can any function, for example printf, restart from beginning of the same line? So we will not have multiple lines of output
Another question, any way to retrieve the previous ouput that have been bumped out of the window in case of large amount of output? I am using Windows VC.

By clearing the screen, on most Windows systems system("cls"); . Not compatible with a lot of other OSes though.
So a loop with newlines might be enough to push the rest out of view.

The second question; just record everything to an array of stucts(with output, input, ect.), similar to an undo buffer.

Think: a console program does not know what device receives stdout/cout output! Suppose you have prog.exe. See what happens when prog.exe started:
1. >prog -- ok, printf prints in console window
2. >prog >output.txt -- printf writes in file output.txt
3. >prog >nul -- printf "prints" nowhere (nul device - output is suppressed)
4. >prog <answers.txt -- print in window but read from the file answers.txt
...and so on...
You can't distinguish four cases above in your program.
So stdout/cout are treated as a classical one-way portal ;)

If you want full control over console input/output use implementation-dependent libraries. No such entity as console in standard stream i/o in C and C++.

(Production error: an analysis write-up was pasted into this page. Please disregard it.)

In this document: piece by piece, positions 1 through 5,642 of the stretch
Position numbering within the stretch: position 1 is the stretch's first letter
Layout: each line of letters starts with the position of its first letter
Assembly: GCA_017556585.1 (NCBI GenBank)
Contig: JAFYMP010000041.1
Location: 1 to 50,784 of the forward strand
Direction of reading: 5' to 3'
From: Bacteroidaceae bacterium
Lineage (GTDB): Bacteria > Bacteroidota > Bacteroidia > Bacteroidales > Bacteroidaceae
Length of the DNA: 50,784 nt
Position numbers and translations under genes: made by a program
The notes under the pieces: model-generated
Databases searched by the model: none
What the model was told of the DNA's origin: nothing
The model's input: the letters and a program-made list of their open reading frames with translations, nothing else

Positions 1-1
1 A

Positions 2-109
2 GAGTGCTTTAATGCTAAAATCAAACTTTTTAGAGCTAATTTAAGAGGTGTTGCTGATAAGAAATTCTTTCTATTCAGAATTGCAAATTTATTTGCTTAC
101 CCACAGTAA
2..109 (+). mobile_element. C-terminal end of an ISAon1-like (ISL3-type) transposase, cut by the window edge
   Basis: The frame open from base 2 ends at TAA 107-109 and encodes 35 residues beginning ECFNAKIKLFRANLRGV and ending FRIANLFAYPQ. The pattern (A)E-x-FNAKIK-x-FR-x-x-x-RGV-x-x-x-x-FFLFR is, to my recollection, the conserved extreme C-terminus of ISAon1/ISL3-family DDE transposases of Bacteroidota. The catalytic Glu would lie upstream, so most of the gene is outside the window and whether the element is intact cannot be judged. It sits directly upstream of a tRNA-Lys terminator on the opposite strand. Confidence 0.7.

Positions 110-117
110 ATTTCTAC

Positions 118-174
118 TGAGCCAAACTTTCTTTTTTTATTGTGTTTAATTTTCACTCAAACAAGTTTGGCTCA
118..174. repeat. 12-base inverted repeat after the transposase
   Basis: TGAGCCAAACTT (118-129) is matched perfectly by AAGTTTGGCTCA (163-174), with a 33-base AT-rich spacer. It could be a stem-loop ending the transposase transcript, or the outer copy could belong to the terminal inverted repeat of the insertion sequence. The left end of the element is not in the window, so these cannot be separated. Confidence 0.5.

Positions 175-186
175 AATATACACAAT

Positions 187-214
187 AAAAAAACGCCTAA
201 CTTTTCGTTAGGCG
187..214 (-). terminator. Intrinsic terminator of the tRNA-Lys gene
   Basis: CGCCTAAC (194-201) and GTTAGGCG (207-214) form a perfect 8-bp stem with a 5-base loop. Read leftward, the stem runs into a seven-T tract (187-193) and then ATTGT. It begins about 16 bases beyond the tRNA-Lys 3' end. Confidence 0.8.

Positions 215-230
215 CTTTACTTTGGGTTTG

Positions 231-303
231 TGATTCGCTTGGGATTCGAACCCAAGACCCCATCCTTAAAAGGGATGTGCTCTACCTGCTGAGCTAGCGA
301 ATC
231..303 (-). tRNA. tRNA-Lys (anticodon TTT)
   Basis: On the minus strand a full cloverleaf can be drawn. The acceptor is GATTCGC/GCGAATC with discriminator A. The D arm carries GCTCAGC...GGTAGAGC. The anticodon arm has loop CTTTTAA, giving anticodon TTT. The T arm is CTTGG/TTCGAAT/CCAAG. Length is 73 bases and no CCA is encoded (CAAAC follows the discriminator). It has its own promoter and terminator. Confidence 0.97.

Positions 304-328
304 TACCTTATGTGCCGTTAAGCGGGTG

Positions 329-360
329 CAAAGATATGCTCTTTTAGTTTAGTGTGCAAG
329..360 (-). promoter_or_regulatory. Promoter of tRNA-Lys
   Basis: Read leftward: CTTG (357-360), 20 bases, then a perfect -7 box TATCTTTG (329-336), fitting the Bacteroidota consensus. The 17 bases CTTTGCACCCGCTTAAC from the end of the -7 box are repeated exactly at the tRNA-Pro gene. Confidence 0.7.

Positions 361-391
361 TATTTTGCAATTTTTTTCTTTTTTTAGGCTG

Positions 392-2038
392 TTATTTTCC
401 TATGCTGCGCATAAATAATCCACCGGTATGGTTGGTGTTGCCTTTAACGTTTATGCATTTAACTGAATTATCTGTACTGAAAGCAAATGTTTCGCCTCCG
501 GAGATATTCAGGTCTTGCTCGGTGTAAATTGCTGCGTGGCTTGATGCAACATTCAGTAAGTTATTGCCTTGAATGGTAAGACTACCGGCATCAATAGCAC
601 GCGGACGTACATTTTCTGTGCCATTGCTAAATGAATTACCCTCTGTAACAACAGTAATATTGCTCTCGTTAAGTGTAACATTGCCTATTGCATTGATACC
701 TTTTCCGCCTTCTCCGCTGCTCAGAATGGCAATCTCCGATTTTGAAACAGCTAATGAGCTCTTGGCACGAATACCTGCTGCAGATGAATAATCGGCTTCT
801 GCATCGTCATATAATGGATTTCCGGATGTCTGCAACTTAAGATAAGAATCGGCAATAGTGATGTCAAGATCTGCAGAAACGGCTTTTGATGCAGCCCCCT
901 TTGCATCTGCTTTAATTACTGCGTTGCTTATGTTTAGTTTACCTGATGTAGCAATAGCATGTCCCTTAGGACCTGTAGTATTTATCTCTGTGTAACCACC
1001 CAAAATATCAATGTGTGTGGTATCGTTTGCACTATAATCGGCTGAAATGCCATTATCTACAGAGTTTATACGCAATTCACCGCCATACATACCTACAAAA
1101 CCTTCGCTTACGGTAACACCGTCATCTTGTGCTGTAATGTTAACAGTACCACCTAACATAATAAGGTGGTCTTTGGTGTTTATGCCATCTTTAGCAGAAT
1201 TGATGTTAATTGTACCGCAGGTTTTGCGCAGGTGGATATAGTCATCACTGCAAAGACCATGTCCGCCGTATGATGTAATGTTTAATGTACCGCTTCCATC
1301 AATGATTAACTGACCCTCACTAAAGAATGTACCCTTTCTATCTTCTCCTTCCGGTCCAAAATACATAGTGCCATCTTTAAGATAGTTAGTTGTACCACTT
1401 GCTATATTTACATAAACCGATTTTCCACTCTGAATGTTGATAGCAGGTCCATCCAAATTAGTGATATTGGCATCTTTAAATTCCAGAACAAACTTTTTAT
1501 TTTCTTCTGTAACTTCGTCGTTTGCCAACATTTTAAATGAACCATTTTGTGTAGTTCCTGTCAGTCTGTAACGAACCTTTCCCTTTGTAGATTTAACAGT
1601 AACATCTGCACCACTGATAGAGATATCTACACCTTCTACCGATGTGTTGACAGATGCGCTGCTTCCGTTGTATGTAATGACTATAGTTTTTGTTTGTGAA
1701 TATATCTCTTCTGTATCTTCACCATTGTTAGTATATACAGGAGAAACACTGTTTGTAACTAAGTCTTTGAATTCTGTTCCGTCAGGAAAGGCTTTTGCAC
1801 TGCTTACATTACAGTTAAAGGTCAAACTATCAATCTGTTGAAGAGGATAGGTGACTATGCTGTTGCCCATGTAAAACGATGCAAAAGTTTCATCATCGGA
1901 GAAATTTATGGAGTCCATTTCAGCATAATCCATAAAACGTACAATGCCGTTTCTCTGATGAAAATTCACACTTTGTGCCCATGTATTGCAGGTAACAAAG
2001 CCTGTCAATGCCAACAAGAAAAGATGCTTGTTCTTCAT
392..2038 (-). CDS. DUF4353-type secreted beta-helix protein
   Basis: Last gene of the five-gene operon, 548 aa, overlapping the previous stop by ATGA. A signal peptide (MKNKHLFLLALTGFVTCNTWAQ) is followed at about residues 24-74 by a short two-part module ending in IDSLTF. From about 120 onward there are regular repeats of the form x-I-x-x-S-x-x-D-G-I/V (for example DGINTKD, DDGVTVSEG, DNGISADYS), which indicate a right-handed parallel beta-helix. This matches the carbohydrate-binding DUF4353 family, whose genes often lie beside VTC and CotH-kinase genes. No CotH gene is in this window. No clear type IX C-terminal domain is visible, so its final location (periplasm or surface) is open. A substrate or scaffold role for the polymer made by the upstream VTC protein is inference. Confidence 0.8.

It may be compiler-specific, it may be platform dependent, so use discretion but give it a try.

The printf("\r") works really well to have the console screen overwrite the 'current' line. It will however just be another character in the output if cout is redirected to a file.

I used to use that feature to show progress for an old command line compiler, it would output the current source line number and then use '\r' to 'go back' and overwrite it with the next line number.

When the line numbers weren't important, I've also used it to make a 'spinner' using the character - \ | / in rotation. (If used sequentially, it looks like the line is 'spinning' in place.) So the user could see that the program was really still doing something.

And its been a while, but I vaguely remember that there were O/S dependent ways to detect if cout was to the console or a file. (It's always better if you don't care, but features like the "I'm still alive spinner" make no sense in the file.)

clreol : clears all characters from the current position to the end of line within the current text window,without moving the cursor.
delline:deletes the line containing the cursor and moves all lines below it one line up.
it depends on the compiler you use..